Taxes are a problem, said Gerald Schiller, part-owner of several family-owned properties along Forbes Avenue and a frequent critic of government-driven rehabilitation efforts. "Retailers are deserting Downtown, because they are being phased out of business by the city's tax policy."
Schiller is particularly disturbed by a Business Improvement District tax increase on retailers. The 3.92-mill assessment, which provides money for the Pittsburgh Downtown Partnership, will increase by 5 percent annually for the next five years. The tax is levied against property owners in a 90-block area.
Barbara McNees, president of the Greater Pittsburgh Chamber of Commerce, supports the tax increase.
"We must keep Downtown safe and clean, not only for its current retailers and residents, but for visitors, new residents and others in the Downtown area," she said.
Empty offices mean fewer customers for Downtown retailers. Owners of some office complexes, such as Gateway Center, advertise on radio and offer incentives to attract tenants.
The vacancy rate remains in the 15 to 20 percent range. (The results from three market surveys vary.)
Over the past quarter-century, Pittsburgh has lost more than 10 Fortune 500 companies to mergers, acquisition or other locales.
Potential tenants such as Equitable Resources Inc., the University of Pittsburgh Medical Center and smaller organizations are now looking Downtown, said Aaron Stauber, president of Rugby Realty Co.
The company owns about 1.7 million square feet of commercial space in a dozen Golden Triangle buildings.
Some tenants are moving from one Downtown building to another, but many are expanding, Stauber said. Some landlords recently stopped offering rent concessions to potential customers, he said.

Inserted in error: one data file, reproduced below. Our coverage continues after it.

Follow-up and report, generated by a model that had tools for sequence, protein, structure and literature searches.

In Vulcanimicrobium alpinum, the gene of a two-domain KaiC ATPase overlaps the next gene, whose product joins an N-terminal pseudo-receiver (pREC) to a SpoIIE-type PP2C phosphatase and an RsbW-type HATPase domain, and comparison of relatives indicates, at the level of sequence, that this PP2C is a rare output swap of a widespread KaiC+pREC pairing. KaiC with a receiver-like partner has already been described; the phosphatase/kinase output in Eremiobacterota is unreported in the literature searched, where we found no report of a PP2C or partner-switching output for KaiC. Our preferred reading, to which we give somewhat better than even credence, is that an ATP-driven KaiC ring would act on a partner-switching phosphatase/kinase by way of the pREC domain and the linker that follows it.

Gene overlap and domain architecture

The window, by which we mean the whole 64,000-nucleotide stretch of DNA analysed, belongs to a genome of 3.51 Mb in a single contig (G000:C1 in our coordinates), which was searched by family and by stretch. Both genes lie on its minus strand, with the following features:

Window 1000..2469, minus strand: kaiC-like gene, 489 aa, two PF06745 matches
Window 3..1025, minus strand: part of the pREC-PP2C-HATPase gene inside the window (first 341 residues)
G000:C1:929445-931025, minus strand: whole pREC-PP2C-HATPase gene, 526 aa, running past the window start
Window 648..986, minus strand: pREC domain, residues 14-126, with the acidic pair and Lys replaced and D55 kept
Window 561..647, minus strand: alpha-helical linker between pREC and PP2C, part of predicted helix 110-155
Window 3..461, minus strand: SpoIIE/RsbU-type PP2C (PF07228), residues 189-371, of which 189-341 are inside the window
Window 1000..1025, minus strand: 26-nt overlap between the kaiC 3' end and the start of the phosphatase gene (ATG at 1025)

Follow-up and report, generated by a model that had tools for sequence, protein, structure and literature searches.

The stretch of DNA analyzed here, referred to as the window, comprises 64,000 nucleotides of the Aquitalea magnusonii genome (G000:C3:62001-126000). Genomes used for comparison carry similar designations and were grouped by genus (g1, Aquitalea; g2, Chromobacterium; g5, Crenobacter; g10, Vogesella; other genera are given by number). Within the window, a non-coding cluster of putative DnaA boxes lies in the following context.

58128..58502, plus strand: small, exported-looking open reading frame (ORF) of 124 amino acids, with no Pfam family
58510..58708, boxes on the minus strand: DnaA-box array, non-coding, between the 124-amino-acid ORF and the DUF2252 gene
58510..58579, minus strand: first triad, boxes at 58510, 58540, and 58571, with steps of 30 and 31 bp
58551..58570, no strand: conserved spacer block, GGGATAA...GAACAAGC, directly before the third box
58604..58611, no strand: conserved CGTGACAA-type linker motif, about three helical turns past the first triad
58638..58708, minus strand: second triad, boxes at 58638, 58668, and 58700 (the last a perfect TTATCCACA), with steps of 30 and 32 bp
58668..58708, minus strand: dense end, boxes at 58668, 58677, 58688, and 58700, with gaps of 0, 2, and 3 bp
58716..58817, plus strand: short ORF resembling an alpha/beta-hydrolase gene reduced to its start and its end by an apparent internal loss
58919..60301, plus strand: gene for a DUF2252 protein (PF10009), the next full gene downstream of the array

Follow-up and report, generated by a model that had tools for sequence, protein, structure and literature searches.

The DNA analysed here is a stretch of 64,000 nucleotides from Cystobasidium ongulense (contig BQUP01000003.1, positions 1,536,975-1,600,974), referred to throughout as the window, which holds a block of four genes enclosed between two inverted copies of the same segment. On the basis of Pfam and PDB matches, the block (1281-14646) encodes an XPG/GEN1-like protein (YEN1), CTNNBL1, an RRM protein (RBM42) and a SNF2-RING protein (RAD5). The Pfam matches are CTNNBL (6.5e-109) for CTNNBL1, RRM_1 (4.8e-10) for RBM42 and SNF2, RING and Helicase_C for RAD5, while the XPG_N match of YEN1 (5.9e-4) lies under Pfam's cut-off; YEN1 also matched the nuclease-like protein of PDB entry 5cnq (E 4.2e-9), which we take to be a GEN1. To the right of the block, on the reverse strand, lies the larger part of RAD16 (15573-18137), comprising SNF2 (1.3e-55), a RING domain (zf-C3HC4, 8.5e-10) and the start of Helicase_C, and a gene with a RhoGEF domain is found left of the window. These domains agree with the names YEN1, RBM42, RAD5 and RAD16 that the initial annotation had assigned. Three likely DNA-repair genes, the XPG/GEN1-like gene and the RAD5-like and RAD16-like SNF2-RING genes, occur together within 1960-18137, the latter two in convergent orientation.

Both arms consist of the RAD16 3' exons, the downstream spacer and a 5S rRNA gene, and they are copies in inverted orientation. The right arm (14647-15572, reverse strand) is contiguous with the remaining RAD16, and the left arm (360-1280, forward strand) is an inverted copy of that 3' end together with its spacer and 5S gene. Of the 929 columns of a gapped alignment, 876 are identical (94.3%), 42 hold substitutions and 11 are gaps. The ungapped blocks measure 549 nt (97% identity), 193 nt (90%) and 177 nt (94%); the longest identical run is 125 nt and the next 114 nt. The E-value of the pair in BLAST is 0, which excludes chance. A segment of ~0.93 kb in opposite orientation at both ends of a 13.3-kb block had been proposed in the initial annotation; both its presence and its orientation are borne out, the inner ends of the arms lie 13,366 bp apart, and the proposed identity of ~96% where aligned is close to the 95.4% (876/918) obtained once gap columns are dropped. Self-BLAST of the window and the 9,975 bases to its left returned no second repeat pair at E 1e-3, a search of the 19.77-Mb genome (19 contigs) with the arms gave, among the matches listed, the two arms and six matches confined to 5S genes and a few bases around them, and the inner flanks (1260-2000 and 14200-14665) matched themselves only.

Rental rates for some premier existing buildings have been averaging about $26 per square foot and costs for new buildings are nearing $30 per square foot, he said, a rate he hasn't seen for 20 years.
But others caution that rental rates vary. The Grubb & Ellis survey shows the average Class A building rental rate at $21.50 per square foot in the third quarter, up only 41 cents from a year ago.
"In some cases the rents are higher, but if you have a building with a high vacancy rate, you don't have a chance for a deal unless you offer lower rents," said Randy McCombs, executive vice president of the CB Richard Ellis/Pittsburgh commercial real estate firm.
The only positive Downtown number is residential space. According to the Pittsburgh Downtown Partnership, the Golden Triangle has a 94 percent occupancy rate for about 3,000 apartment and condominium units. And rents are rising, even as new spaces are being added, according to developers and landlords.
Efforts to attract new residents Downtown include Millcraft Industries Inc.'s $65 million conversion of the former Lazarus-Macy's into the Piatt Place office, retail and residential complex. The company also plans to convert city-owned buildings in the Fifth and Forbes corridor to residential and commercial use.
Millcraft plans to convert the former G.C. Murphy store and a half-dozen other buildings near Market Square into a mix of apartments, stores and restaurants.
Demolition has been completed to make way for the $179 million Three PNC Plaza on Fifth Avenue. PNC Financial Services Group is building the hotel, office and condominium complex
Stauber and others applaud the surge in residential construction.
Since December 2003, about 1,830 housing units have been completed, are under construction or are planned in Downtown and adjacent areas such as the Strip District, North Side and Uptown. Another 860 units are in the concept stage.
Lincoln Property Co.'s recently opened 151-unit The Encore on 7th apartment complex on Seventh Avenue, where units rent for $1,000 a month and up, reports 87 percent occupancy.
Developer Ralph Falbo, a partner in the 151 Firstside condominium project on First Avenue, says he has sold more than half (47) of those units. The units sell for $270,000 to $1.8 million.
"I think we are building momentum Downtown, and all the new developments will do that," said Ziegler of Pittsburgh History & Landmarks. "I have long advocated that attracting more residents is a key to Downtown. Once we do that, we will see retail and office improvements fall into place."